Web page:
Nurturing the Next Generation of Citizen Leaders

One of the hallmarks of modern democratic society is the existence of disagreement on a variety of issues. In order to function well, such a society needs citizens capable of engaging in respectful deliberation and dialogue about a vast array of controversial and complex issues, with emphasis on reasoning, not rhetoric. This requires not just critical thinking, but also a respect for others’ values and perspectives, and an understanding that the world is not one in which everything is black and white.

Philosophy, more than any other discipline has a long history of wide-ranging reasoned inquiry into fundamental moral and political questions. In keeping with the primary goal of ancient and contemporary philosophers to prepare citizens to participate in democracy, the UT Department of Philosophy founded the Tennessee High School Ethics Bowl(THSEB) in 2009 as an outreach program with the goal of helping prepare area high school students to be informed critical thinkers who will be active and engaged citizens in their local and global communities.

They hosted the first ethics bowl in November 2009 with modest participation. Only two schools competed in the tournament, Knoxville Catholic High School and Tennessee School for the Deaf, but it was a good beginning.

ethicsbowl

Since then the program has grown every single year in terms of actual participation, growing from two participating schools to fifteen. This year the coordinator expects to work with teams from fifteen schools and to engage more community partners, including recruiting more judges for the ethics bowl from the local community.

The importance and success of the program has attracted support of the UT Humanities Center (UTHC) UT Humanities Center (UTHC).  This year the center is partnering with the Department of Philosophy as a co-sponsor of the THSEB.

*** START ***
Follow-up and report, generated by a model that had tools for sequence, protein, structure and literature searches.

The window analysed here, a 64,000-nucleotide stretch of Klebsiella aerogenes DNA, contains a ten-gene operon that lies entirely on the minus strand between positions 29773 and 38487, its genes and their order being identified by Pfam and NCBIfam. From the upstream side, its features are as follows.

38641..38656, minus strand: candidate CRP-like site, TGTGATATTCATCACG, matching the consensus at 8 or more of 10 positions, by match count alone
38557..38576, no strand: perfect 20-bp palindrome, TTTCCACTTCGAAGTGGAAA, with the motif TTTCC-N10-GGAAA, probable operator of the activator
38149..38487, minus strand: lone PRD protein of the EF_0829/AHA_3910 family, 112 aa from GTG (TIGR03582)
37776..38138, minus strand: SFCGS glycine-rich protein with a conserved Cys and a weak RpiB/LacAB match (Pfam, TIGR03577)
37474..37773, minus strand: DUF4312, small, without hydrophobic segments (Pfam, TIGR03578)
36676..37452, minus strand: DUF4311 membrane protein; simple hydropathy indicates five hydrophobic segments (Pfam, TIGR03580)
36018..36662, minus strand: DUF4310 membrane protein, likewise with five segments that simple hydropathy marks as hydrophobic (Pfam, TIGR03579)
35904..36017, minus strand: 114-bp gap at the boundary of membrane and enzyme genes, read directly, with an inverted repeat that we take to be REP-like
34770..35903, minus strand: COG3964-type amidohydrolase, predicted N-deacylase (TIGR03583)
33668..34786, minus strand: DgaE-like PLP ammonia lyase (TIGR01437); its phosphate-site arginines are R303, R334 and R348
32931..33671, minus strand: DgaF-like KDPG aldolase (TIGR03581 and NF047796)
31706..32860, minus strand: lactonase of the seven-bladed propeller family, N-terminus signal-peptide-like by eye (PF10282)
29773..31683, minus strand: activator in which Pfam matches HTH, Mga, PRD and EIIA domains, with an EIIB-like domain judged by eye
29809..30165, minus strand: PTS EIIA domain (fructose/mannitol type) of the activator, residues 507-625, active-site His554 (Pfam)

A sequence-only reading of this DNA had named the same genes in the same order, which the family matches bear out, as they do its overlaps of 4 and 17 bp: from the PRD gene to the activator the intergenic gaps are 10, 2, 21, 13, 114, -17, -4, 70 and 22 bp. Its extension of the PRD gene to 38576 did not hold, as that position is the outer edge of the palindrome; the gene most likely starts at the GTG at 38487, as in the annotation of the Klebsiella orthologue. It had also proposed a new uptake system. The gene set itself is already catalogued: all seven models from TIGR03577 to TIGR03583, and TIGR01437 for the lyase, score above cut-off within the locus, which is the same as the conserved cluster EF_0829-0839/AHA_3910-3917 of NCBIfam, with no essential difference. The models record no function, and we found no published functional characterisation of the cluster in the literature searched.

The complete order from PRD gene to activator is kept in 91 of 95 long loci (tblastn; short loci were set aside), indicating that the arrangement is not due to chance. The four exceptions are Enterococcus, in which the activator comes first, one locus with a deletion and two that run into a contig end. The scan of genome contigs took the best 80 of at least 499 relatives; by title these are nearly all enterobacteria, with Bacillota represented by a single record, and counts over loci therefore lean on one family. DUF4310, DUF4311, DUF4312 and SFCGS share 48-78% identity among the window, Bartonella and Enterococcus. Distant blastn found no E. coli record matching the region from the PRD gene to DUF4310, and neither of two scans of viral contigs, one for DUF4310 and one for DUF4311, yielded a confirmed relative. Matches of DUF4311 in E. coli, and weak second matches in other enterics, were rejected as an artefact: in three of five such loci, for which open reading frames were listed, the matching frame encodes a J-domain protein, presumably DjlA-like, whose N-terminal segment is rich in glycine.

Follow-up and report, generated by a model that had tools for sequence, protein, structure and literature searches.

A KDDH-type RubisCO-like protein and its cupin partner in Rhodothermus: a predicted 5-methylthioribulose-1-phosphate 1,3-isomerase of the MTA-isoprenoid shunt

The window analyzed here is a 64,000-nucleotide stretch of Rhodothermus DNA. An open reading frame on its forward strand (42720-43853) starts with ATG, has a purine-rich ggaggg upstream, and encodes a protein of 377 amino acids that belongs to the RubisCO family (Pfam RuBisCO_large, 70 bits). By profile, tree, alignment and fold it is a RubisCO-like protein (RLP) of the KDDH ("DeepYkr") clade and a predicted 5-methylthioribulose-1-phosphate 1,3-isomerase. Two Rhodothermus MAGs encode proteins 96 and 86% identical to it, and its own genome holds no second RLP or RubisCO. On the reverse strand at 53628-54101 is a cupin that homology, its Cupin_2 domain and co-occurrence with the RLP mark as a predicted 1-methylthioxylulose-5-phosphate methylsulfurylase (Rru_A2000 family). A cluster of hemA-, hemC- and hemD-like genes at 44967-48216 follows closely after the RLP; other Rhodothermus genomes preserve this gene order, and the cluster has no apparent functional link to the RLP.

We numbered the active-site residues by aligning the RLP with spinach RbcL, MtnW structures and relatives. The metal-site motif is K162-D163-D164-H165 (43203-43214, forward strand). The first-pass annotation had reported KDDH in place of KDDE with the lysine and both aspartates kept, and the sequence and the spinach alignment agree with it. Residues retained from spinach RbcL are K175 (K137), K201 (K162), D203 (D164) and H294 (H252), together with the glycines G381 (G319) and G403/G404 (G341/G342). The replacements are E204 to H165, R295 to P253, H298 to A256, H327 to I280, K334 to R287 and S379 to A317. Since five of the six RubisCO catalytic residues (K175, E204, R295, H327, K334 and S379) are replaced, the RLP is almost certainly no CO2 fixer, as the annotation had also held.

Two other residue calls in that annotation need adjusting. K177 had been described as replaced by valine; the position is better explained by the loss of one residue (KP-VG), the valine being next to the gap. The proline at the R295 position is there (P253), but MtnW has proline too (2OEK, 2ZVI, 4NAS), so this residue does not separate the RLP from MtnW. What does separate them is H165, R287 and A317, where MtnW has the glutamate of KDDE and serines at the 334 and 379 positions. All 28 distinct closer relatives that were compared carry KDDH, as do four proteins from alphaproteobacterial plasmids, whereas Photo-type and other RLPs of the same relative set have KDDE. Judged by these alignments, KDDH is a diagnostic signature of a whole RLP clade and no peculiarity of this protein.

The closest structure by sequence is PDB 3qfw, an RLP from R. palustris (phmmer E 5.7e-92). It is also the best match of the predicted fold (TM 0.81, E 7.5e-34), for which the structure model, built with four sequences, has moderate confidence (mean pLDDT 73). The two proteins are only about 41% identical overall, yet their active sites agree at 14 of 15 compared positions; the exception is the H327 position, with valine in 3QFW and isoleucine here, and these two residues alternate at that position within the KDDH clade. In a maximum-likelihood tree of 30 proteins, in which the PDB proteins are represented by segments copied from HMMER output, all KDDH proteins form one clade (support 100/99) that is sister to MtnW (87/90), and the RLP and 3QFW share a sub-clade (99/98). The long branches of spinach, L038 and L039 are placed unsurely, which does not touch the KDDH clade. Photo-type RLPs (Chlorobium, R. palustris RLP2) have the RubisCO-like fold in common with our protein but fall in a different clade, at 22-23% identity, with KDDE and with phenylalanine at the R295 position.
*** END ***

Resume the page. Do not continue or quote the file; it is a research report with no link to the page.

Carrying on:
Tom Heffernan, director of the UT Humanities Center said the THSEB is a good fit for the goals and outreach mission of the center. “Democratic freedoms only exist in open and tolerant societies where opposing points of view can be exchanged with civility and mutual respect. The THSEB seeks to nurture and promote these timeless values in our future generations,” he said. “This effort is our contribution to sustaining our democracy.”

The THSEB is coordinated by Alex Feldt, lecturer in the philosophy department. He says he is passionate about the program because it provides students early exposure to critical thinking skills that will benefit them no matter what they do in their lives. “It isn’t just about promoting a particular narrow area of interest, or promoting the humanities. It is about helping students better understand not just their own views, but also those of others,” he said.  While educators often focus on particular technical knowledge, the THSEB offers an alternative focus. Technical knowledge is always important, but students need to be able to not just communicate technical knowledge, but they need to be able to reason through it.

“There will always be value judgments, no matter what one is engaged with. The THSEB helps students think more about how those value judgments are formed, and then when a disagreement occurs, they can hopefully see that they should not immediately dismiss those who disagree with them,” Feldt explains.

The THSEB, like any ethics bowl, is a collaborative yet competitive event, in which teams analyze a series of wide-ranging ethical issues and then present their ideas to judges and other teams in a fun and friendly atmosphere. Topics range from those of particular interest to high school students, such as bullying, social media, and cheating, to more general topics such as free speech, gun control, and stem cell research.

The THSEB is a discussion, not a debate. Teams are not required to choose opposing sides, nor is the goal to “win” the argument by belittling the other team or its position. The focus is on reasoning, rather than rhetoric, and has many benefits for student learning, including honing critical thinking and problem-solving skills that are proven to boost ACT and SAT scores and that are explicitly targeted by the TNCore standards. Additionally, the event encourages the consideration of other perspectives, beyond one’s own, when making ethical judgments.

While aimed at promoting collaborative, respectful discussion, the THSEB is still a competitive event, with the winning school getting the opportunity to compete at the National High School Ethics Bowl in Chapel Hill, NC. Monetary prizes are awarded to the top three winning teams (First-Place Team – $750/Second-Place Team – $500/Third-Place Team – $250) with the intent of helping subsidize participation costs.

Planning is underway for the 2016 THSEB.  Registration and bowl dates will be announced next month.

While the THSEB is only a start in helping students develop critical thinking skills, it introduces them to the reasoning process.  Perhaps it will also inspire them to want to further develop and hone these skills in college through studies in the humanities.

To learn more about the Tennessee High School Ethics Bowl, visit us at philosophy.utk.edu/ethics or send an email to THSEB@utk.edu

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